• Radiation safety. Radiation safety was very much on everyone's mind. The excellent clinical performance of volumetric MSCT scanning has led to a rapid growth in CT studies. This growth in utilization, in turn, has led to a rise in radiation exposure attributable to CT. Direct morbidity and mortality risk, however, remain the focus of discussion and outcomes research.

The clear message was ALARA. Achieving ALARA begins with patient selection, adherence to exam indications, and eliminating unnecessary repeat exams. Consideration must be given to a patient's age, sex, and radiosensitivity, as well as the possibility that clinical problems could be addressed with a nonionizing modality such as ultrasound or MRI. Risks of radiation should always be weighed against the benefits of the exam. Multiple lectures stressed the importance of consistently using radiation reduction strategies when acquiring a study: using lead shielding, limiting the scan range, decreasing the tube voltage (kVp), and using attenuation-tube current (mA) modulation.

When using ECG gating for a cardiac or thoracic aortic study, ECG tube-current modulation should also be employed and a low heart rate targeted to ensure effective modulation. However, very low may necessitate increased scan redundancy and therefore increase dose. In discussions on ECG-gated radiation exposure reduction, the liveliest interest centered on multisource versus prospectively gated step-and-shoot scanning. Speakers presented data showing radiation exposure reduction with both approaches. Which approach will prove most effective remains an area of active research.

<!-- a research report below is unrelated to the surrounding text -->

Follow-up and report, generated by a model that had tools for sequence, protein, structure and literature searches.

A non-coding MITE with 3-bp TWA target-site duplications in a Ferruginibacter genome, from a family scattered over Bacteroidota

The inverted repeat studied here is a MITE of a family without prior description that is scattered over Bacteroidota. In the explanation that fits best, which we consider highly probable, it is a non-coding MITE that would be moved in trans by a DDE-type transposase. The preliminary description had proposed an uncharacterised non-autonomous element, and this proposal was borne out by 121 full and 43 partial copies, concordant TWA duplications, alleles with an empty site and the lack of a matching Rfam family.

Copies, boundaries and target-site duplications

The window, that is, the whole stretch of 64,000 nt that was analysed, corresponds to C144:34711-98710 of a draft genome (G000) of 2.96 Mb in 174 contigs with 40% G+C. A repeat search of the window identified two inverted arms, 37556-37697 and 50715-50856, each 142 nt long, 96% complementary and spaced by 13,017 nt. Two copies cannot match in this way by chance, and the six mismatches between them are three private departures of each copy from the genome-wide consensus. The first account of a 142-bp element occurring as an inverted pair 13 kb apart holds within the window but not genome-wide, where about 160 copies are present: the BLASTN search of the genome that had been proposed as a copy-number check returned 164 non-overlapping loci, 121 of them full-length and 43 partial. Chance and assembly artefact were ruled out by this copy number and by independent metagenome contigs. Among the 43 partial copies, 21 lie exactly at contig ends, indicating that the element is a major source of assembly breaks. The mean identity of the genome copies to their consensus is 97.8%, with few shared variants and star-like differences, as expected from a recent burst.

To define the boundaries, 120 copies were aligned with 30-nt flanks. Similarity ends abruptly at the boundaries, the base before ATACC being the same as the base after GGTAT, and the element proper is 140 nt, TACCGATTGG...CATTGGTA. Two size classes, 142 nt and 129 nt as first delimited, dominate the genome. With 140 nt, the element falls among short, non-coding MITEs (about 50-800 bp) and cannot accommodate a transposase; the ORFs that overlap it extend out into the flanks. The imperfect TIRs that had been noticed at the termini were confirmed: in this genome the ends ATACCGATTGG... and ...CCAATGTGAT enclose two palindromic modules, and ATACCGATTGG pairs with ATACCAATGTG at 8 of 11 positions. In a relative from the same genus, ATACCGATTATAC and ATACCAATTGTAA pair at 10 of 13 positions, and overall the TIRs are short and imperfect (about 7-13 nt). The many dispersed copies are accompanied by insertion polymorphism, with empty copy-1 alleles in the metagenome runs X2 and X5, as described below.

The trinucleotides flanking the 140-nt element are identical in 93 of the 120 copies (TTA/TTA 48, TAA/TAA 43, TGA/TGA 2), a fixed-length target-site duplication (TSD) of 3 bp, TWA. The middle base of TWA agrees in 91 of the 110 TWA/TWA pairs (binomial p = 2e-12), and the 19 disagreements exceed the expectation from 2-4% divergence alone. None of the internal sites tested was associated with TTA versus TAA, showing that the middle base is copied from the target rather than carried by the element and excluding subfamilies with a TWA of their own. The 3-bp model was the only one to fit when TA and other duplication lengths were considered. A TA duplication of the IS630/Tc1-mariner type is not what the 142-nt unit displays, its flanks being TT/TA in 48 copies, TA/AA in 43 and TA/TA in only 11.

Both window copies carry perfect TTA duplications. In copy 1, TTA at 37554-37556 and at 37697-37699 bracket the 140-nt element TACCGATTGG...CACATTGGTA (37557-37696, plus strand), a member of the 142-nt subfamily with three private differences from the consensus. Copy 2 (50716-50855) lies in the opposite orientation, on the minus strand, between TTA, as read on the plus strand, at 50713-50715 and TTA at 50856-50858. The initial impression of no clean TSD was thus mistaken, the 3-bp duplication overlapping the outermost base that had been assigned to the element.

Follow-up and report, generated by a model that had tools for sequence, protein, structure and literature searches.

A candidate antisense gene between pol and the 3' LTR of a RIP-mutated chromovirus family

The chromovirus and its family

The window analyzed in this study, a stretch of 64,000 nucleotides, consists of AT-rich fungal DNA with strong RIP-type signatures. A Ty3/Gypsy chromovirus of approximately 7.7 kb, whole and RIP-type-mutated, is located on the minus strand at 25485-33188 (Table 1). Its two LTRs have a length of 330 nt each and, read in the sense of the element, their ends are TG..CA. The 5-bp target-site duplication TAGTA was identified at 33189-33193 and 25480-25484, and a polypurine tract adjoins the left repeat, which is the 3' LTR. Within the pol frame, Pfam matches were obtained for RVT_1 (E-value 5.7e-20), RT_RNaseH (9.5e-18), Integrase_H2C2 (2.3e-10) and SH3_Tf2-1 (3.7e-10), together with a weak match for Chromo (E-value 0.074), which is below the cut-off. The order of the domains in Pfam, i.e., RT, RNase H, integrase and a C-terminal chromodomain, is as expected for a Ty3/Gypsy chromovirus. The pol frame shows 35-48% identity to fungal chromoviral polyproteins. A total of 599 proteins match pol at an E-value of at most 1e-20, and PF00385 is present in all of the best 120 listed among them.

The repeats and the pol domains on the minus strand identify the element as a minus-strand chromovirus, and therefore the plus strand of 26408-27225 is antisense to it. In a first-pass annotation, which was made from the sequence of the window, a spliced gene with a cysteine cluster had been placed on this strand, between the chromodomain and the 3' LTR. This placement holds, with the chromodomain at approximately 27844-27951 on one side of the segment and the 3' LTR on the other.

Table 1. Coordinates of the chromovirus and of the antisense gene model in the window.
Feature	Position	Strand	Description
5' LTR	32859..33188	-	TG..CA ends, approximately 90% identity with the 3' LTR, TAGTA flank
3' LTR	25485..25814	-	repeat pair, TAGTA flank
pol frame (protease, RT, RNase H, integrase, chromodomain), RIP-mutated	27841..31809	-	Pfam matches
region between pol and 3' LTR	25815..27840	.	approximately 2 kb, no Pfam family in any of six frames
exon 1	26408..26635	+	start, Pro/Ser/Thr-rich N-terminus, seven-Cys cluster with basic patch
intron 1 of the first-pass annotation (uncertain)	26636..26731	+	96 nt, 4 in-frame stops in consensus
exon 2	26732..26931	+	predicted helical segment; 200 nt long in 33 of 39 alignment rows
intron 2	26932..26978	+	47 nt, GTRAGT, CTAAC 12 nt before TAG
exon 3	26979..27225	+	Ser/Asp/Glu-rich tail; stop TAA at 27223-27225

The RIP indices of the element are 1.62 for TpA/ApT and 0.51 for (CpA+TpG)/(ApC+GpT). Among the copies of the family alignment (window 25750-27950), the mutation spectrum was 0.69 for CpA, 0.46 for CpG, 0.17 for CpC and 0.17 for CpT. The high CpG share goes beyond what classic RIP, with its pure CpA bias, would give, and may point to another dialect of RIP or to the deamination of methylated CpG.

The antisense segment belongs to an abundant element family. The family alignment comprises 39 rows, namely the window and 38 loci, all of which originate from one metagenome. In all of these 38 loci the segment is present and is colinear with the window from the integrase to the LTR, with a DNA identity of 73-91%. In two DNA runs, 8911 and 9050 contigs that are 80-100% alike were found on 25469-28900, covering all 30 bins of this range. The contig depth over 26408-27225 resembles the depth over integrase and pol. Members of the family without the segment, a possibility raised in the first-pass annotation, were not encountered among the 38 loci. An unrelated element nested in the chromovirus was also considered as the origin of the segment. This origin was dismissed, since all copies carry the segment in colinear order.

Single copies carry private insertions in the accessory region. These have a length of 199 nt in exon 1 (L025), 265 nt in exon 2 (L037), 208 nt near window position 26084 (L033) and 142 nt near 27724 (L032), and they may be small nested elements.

• Contrast medium administration. The art of administering contrast with advanced MSCT scanners depends directly on fundamental knowledge of contrast medium pharmacokinetics, particularly with cardiovascular CTA. Contrast should be delivered with suitable iodine dose and iodine flux that reflect a patient's weight (measure of central blood volume) and cardiac output. Iodine dose is controlled by contrast volume and concentration, while iodine flux is controlled by injection rate and concentration. The targeted injection rate should always be balanced with the caliber of the intravenous catheter and the vein used for injection. As discussed by Dr. Dominik Fleischmann, an associate professor of radiology at Stanford University, 64-slice and greater scanners, fixed scan time, and injection duration can be used to synchronize the scan acquisition and contrast delivery by way of variable scan delays.

  • Image processing. Data overload is a critical issue with MSCT. Workstation vendors and software developers recognize this challenge and are actively pursuing hardware and software solutions to help imagers achieve high efficiency while maintaining accuracy.

MSCT exams may be viewed on PACS, workstation, or both. Assessment on a workstation can be performed by a thin-client, thick-client, or stand-alone 3D system. With the increasing data load in imaging practices, stand-alone systems and thick-client solutions can put a significant strain on productivity. On the one hand, there is redundant data transmission and archiving. On the other, these workstations may not be readily accessible to all who need to interrogate an exam with advanced tools. The coming solution will be full integration of 3D workstation applications (e.g., vessel analysis, lung nodule analysis, lumen fly-through, CT perfusion, etc.) into PACS, using a thin-client model. Imagers and physicians will be able to view MSCT studies and perform advanced processing with a single hospital enterprise system, onsite or remotely, by intranet or over the Internet, depending on the available user bandwidth. TeraRecon, the first vendor to enter the market with a thin-client solution, leads this drive with the planned release of its iNtuition workflow architecture at the 2007 RSNA meeting.